Tuesday, March 25, 2014

I Got This

My husband travels for work.  Not only does he travel, he also works in another state, so his time at home is sporadic. 

We’ve fallen into a pattern, gotten used to our roles and the time spent apart.  Technology allows us to check in at any time, and even say hello in person.  We’ve made it work, and while it’s not ideal to be away from your family for any time period, and it’s not always convenient because having children and managing their needs and activities and not always having a partner there to see and touch and talk to in person is hard, and it’s a cruel joke that he calls at only the most inconvenient times every day – hello, world? 4-7 pm?  Just… NO. – it’s okay.  We can each say, about our own schedules and work requirements – I got this.  I can deal with this.  I’ve got a handle on this.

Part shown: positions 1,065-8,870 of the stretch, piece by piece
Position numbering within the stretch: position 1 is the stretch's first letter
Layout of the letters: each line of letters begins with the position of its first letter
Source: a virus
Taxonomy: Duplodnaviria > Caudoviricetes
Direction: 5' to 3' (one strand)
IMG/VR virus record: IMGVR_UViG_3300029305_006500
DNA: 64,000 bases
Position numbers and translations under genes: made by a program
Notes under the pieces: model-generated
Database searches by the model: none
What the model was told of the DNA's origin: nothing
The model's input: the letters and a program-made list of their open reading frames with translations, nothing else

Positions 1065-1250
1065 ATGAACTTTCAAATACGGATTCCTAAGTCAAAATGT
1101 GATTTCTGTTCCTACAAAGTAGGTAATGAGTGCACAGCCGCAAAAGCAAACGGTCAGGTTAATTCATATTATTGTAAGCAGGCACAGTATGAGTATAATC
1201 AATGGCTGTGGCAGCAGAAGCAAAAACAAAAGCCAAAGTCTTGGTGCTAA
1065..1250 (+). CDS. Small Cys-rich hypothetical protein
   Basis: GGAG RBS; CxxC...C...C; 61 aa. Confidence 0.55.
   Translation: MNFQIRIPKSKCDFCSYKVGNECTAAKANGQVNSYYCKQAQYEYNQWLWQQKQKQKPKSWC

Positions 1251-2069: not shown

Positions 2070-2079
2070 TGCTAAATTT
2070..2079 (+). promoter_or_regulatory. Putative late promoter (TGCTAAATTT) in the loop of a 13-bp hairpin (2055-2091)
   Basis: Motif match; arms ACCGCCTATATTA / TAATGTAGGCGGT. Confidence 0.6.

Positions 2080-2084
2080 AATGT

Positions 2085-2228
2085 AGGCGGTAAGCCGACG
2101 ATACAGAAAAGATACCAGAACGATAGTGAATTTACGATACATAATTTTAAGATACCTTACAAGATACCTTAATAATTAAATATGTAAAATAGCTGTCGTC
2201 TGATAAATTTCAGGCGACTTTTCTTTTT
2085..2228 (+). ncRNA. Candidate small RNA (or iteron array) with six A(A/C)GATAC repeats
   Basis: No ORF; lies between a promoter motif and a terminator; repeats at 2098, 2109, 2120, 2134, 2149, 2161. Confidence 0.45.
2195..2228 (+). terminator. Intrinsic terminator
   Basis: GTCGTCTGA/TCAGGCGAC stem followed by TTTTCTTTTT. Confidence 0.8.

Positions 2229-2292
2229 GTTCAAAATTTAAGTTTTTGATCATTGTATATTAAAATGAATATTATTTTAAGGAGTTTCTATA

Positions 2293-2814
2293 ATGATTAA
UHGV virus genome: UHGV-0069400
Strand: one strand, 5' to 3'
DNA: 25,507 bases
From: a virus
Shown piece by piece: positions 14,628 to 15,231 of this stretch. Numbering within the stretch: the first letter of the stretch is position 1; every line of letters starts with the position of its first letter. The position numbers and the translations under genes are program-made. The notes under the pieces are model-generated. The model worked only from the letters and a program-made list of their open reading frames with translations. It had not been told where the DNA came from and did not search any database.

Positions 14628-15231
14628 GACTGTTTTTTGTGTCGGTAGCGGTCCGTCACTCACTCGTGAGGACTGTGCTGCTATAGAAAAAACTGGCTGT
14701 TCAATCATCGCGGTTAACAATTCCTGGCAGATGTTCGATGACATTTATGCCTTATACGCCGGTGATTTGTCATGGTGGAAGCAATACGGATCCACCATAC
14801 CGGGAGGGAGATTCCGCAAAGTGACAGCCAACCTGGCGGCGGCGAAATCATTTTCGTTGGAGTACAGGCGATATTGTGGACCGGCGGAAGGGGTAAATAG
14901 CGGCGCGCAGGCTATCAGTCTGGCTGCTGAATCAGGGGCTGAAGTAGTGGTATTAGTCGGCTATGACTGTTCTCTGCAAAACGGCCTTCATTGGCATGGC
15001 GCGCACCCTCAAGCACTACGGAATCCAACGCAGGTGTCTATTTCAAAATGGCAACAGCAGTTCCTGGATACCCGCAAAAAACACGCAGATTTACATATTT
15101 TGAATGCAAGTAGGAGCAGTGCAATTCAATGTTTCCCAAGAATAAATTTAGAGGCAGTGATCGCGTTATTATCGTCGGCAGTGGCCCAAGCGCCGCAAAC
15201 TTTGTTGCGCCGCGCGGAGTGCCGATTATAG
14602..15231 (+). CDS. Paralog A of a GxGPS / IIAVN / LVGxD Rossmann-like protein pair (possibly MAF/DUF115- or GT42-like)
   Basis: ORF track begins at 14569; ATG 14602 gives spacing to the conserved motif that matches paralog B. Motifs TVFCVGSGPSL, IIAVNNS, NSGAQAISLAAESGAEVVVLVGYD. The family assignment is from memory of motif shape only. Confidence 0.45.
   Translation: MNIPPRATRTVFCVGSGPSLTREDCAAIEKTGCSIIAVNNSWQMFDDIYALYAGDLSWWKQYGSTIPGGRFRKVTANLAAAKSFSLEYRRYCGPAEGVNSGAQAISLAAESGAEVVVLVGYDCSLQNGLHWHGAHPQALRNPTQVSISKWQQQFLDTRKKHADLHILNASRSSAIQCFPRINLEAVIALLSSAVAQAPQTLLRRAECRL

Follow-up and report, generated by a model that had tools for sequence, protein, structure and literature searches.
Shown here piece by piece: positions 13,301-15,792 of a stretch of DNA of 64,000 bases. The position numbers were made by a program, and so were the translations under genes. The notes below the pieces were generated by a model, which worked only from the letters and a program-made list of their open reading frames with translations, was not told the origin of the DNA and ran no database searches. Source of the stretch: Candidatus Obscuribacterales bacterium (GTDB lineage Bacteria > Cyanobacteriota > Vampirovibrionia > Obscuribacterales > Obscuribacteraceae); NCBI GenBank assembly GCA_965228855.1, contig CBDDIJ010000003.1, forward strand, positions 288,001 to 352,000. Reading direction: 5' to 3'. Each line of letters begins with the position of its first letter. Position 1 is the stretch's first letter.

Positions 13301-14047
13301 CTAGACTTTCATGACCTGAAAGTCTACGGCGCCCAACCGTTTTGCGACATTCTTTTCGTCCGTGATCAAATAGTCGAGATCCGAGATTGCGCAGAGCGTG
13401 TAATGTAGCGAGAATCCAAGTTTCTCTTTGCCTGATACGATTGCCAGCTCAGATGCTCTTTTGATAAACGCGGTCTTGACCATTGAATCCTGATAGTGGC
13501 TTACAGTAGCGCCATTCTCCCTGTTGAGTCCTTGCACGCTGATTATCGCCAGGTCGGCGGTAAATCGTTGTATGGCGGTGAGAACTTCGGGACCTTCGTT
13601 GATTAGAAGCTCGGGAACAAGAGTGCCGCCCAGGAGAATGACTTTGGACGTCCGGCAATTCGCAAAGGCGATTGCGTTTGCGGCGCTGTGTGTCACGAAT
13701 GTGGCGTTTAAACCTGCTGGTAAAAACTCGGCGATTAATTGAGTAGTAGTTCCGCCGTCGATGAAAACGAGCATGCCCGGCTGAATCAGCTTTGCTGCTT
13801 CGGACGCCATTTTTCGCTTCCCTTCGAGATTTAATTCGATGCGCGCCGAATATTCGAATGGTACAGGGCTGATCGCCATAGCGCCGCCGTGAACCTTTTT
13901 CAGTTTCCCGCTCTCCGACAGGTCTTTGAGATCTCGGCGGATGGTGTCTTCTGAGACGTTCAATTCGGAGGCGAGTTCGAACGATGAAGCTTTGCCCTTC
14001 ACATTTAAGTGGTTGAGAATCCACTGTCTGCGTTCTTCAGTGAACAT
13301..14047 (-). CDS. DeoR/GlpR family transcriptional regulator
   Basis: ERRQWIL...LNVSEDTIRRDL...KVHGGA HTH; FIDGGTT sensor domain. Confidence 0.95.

The biggest problem with him being away so much is that he does come home sometimes.  And when he comes home, he messes up the flow of things.  He comes from a place where he is in control of details and outcomes and enters a place where the details and outcomes are already being controlled by a rather fierce person who likes to have things her way. 

And he tries to exercise his control with varying results.

Problems occur because each of us is used to being in charge.  When we are home together, compromises are hard to come by.  He is a stubborn hard-nosed bossy decisive person who likes to be in charge everywhere he goes, and can be domineering.  At home, I push back with equal force.  After all, home is my workplace – I need it to run like I planned or everything falls apart.

Hands off.  I got this.  Move along, please.  I got this.  Leave me alone.  I got this.

Like I said: varying results.

How many times do we say “I got this” to God?  Do we say it outright, or do we just attempt to juggle all the balls until they fall to the ground?  How much do we forget that God is in charge in our daily lives, of every outcome, of the entire universe?  How many times do we have to fail at being in charge before we get it?